B-flat with Bruce: Arriving in Scottville part 2

February 15, 2012

 

Bruce Miller

By BRUCE MILLER

mcp.com columnist

 

While living south of Custer, we were associated with the Sugar Ridge Church of the Brethren.  This is the kind of place where a lot of people are eager to run from. Not me ! I learned so many things from the locals that I would never have heard otherwise. There was a neighbor across the street who showed me how to read the wooly worm.  Yes indeed.  There are black and brown stripes on the worm and it is “easy” to see by how wide or narrow the stripes are whether it will be a long winter or an early spring or whatever the worm is forecasting for that year. An elderly woman gave me another weather tip which I never knew. “Thunder in the fall, no winter at all” she said with some authority.  I will call the reader’s attention to the fact that we heard thunder last fall. ‘Nuff said ! 

 

These people from the congregation were mostly from a German heritage. The wives of the farm people learned how to bake an apple pie from their mothers, who had learned from their mothers and so on. I have some wonderful memories of many of these people who took up the challenge to put some weight on me.  God bless them, they did not succeed but not because of a lack of trying. I still anticipate a great piece of apple pie in the fall while driving by a blossom laden apple orchard in the spring.  And yes, some ice cream would be nice on it too.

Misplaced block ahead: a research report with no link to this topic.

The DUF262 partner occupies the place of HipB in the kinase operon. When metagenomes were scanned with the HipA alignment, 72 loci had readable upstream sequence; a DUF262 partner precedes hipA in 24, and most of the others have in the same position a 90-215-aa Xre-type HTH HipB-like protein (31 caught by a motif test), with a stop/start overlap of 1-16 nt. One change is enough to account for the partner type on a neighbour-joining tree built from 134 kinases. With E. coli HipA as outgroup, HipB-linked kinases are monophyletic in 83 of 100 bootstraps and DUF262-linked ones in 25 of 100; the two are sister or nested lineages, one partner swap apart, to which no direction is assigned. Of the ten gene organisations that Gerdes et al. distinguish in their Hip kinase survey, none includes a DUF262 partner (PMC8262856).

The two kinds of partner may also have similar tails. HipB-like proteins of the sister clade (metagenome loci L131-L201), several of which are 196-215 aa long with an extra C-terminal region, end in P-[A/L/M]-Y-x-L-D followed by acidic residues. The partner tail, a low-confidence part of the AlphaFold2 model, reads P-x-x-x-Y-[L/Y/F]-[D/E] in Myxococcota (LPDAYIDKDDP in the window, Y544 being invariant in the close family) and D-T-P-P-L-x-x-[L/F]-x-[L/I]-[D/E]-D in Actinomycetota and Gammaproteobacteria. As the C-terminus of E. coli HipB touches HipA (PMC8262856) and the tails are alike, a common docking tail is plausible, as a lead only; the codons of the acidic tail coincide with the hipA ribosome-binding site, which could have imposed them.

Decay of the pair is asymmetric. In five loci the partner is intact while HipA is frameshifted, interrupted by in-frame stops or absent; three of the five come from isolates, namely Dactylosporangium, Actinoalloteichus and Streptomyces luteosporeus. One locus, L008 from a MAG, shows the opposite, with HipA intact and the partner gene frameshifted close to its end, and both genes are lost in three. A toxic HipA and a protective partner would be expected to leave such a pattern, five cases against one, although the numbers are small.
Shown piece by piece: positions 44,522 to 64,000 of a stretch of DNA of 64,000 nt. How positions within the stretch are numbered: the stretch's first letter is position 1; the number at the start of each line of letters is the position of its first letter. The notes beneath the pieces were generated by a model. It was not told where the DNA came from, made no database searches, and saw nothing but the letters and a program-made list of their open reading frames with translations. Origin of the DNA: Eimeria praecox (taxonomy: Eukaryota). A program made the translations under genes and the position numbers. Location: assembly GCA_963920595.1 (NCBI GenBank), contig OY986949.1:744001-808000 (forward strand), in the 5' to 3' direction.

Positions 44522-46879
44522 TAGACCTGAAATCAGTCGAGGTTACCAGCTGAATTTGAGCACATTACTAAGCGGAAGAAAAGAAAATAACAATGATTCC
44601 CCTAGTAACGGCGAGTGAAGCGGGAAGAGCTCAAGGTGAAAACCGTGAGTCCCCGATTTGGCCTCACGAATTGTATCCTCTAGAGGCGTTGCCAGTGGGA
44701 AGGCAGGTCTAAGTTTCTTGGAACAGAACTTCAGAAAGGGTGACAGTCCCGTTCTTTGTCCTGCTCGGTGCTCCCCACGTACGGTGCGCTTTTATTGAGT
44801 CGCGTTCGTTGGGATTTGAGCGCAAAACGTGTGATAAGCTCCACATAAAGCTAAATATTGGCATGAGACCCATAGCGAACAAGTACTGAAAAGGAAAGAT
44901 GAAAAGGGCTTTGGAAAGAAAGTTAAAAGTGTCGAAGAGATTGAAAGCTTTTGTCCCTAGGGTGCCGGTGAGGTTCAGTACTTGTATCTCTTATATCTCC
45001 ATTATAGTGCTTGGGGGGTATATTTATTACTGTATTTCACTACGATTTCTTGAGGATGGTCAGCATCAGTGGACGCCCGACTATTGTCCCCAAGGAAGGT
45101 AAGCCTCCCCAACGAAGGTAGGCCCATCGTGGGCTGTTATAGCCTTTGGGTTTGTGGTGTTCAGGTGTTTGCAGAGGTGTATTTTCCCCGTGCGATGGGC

We in 2012 do not have such a sense of community and neighborly appreciation of what is around us as people of former generations. A recent arrival to Scottville asked me one year during winter, why they would plow the streets of Scottville when U.S.10 – 31 wasn’t plowed yet. Scottville used to be an individual community I told them.  Do you know there used to be eight new car dealers in Scottville?

 

Urka was in town.  CW Smith also had a dealership in town which is now out on the highway under a different name. Where Wesco is now and just north where the furniture dealer is, both were new car dealerships.  It would never have occurred to people to drive to some other city to buy a car.

 

When Schoenberger’s grocery store was in business, there was no place else to go for grocery needs.  People actually drove to Scottville to buy at Schoenberger’s. Folks would drive into the dealership, have the car serviced and walk into town to have lunch or buy something or whatever.  This whole idea is gone, remembered by some and never known by others.  It was much the same in Ludington. There was an Oldsmobile dealer on the north side of the avenue and a Mercury dealer almost across the street.

 

There are some other business people who I would like to highlight.  We mentioned Schoenberger’s market earlier, but not the man. I asked him once if they had any escargot “helper.” He looked puzzled for a moment, then noticed who had asked and chuckled a little.  More next time.

 

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